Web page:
Peace and Goodness,

your brother,

Mark

Calendar Religion or Religion of the Spirit?

April will be a month of Catholic Holy Days starting with Palm Sunday.  Catholics and Christians everywhere will be planning which Holy Day Services they will be attending, and who will be coming over for Easter Dinner. In my meditation this morning, I pondered about our kind of Calendar Religion. It’s good in some ways, of course, but it does tend to keep people thinking in terms of Religious vs Secular-type divisions in our minds. Like, Sunday is special because it’s Church, but Monday is just my ordinary life again. 

If I think about what Jesus showed us regarding such practices, I see something different. I see Him rebuking those who tried to censure His freedom of the Spirit at every moment, by quoting “the Rules of Religion” at Him. But it was in fact His ordinary life that was the place of many of His greatest miracles and parables. He lived His Spirituality every moment of every day, not just on the Sabbath day.  Why?  Because He was always Awake and Aware of His connection to The Divine!  Attentive and Centered within Himself, He clearly understood that His Union with the Father was a very Present Reality; one that was ever-active, regardless of what the Calendar said. 

He had respect for the proper Services of His Faith, but He was not limited by them.  He participated in Synagogue Services, but He would also wake up early in the morning to go apart by Himself to pray. He wanted no divides between people.  He wanted them to understand Truth from their hearts.  But for that to happen, they would have to wake-up to their actual lives and step out of their automatic conditioned behaviors. Jesus knew that would not be an easy thing for them.  Thanks be to God, He had a plan!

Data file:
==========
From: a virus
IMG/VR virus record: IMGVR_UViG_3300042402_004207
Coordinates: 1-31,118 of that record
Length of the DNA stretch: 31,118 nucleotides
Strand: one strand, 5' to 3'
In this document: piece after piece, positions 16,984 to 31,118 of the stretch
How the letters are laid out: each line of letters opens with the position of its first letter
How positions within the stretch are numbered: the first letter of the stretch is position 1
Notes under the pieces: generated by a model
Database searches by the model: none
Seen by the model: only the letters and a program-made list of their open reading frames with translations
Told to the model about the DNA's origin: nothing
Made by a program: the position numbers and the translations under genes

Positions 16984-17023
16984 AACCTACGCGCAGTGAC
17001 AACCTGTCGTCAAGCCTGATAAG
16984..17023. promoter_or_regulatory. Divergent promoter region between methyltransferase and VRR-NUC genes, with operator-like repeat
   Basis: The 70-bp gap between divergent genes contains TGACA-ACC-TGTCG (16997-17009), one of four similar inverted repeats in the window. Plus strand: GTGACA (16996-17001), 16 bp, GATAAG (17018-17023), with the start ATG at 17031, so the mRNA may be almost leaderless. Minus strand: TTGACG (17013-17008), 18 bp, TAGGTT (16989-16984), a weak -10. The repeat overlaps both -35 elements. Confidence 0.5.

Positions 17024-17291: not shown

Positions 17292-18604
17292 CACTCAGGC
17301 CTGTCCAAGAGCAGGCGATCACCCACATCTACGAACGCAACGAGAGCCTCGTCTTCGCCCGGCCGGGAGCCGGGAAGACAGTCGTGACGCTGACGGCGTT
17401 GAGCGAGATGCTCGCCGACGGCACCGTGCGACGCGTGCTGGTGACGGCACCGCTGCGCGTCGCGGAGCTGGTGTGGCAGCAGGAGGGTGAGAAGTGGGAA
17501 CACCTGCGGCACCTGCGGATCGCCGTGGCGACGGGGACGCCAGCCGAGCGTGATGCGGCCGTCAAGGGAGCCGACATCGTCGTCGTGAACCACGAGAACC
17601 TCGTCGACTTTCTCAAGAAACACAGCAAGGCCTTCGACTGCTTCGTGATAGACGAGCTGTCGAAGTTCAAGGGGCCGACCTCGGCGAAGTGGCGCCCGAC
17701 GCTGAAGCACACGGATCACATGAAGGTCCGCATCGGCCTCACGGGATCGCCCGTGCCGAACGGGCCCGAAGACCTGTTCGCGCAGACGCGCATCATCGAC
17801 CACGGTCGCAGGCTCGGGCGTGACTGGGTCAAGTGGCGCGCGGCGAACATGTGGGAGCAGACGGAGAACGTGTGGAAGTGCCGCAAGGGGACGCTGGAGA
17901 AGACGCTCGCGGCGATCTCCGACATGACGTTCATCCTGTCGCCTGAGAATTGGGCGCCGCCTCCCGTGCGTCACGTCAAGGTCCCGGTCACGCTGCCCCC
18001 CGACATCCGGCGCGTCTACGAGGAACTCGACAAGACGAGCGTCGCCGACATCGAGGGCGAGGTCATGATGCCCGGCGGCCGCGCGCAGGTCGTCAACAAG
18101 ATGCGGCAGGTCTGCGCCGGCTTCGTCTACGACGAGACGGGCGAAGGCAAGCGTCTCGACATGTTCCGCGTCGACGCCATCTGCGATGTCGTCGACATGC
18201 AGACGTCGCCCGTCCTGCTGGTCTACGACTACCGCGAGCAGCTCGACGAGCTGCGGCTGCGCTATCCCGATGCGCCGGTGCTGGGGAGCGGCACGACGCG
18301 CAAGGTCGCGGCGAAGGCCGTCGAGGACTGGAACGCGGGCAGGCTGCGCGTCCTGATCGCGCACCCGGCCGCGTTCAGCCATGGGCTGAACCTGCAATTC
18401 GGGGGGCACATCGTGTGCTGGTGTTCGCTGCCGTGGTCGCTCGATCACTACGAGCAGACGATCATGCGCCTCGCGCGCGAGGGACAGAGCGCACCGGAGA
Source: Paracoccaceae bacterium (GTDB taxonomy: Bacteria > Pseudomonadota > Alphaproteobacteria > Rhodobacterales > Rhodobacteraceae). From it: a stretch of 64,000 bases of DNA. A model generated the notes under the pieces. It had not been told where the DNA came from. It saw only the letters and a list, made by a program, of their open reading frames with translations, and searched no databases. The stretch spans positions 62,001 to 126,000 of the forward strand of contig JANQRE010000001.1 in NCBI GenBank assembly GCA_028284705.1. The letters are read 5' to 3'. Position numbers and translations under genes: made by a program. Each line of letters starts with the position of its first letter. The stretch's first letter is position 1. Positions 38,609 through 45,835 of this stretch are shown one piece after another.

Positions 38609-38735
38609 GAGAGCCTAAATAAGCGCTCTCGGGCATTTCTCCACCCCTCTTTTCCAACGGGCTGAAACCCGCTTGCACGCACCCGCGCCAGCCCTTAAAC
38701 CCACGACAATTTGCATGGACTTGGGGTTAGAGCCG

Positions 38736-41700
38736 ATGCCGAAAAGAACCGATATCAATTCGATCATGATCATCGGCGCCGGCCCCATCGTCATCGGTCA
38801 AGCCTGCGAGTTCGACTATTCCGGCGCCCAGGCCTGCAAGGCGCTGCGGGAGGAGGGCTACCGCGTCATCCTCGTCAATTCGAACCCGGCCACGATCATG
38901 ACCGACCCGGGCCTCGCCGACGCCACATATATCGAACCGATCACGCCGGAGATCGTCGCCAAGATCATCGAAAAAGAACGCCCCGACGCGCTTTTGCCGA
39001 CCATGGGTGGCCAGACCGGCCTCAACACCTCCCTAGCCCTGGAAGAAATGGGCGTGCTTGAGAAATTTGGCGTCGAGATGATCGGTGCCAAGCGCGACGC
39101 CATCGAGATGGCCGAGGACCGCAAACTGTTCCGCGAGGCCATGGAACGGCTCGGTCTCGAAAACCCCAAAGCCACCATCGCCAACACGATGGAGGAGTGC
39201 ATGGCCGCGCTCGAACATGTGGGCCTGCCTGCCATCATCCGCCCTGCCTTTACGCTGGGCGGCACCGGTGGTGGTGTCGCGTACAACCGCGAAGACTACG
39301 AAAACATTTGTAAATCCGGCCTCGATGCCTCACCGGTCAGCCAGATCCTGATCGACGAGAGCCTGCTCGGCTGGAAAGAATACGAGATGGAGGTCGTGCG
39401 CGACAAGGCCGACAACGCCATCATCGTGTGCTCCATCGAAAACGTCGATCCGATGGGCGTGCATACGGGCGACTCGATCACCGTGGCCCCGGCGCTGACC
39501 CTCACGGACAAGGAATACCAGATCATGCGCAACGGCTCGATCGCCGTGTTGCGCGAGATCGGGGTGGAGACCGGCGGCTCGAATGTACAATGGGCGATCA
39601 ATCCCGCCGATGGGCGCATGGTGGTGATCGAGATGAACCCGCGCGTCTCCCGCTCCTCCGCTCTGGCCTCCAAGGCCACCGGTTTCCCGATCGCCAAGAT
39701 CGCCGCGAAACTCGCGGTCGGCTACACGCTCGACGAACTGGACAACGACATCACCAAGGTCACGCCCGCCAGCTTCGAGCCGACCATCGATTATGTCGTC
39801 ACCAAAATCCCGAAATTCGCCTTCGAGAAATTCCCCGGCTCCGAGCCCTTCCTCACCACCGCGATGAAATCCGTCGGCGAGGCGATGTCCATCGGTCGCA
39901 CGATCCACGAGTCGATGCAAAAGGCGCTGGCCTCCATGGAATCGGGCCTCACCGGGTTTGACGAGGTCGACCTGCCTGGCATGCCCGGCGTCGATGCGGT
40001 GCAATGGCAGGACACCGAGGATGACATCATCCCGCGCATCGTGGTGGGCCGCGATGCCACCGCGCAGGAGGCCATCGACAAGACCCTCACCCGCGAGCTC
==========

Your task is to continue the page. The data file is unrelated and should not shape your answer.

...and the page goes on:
Jesus did not leave us the New Testament. That came years later, after having been handed down and finally written down, and then after having been filtered through a Greek translation. He did not leave us a Religion of the Calendar. Or a structured Church system.  Jesus did leave us something of much greater value to our eternal destiny.  His Holy Spirit!  When His message was preached everywhere to whomever would listen from their hearts, those people would receive the Holy Spirit. That Free Gift of the Holy Spirit changed their reality! They did wake-up! And their ordinary, everyday lives were transformed from within!

TODAY – I Am Awake to the Presence of God in my Ordinary Life. I am grateful! I am loved! I am blessed!  


FAITH – A Perceptible Emptiness

FAITH – A Perceptible Emptiness

Speaking now of Faith as one of the three Theological Virtues, and not the faith one has in one’s youthful strength or good health or strong will or financial independence.  Such faith has little to do with God and much to do with one’s erroneous confidence in one’s self and in the all the delights and comforts one has surrounded one’s self with through either one’s own efforts or by inheritance.  No, I am speaking of that Faith which makes itself known when one has come face to face with the Cross of Interior Emptiness and does not flee.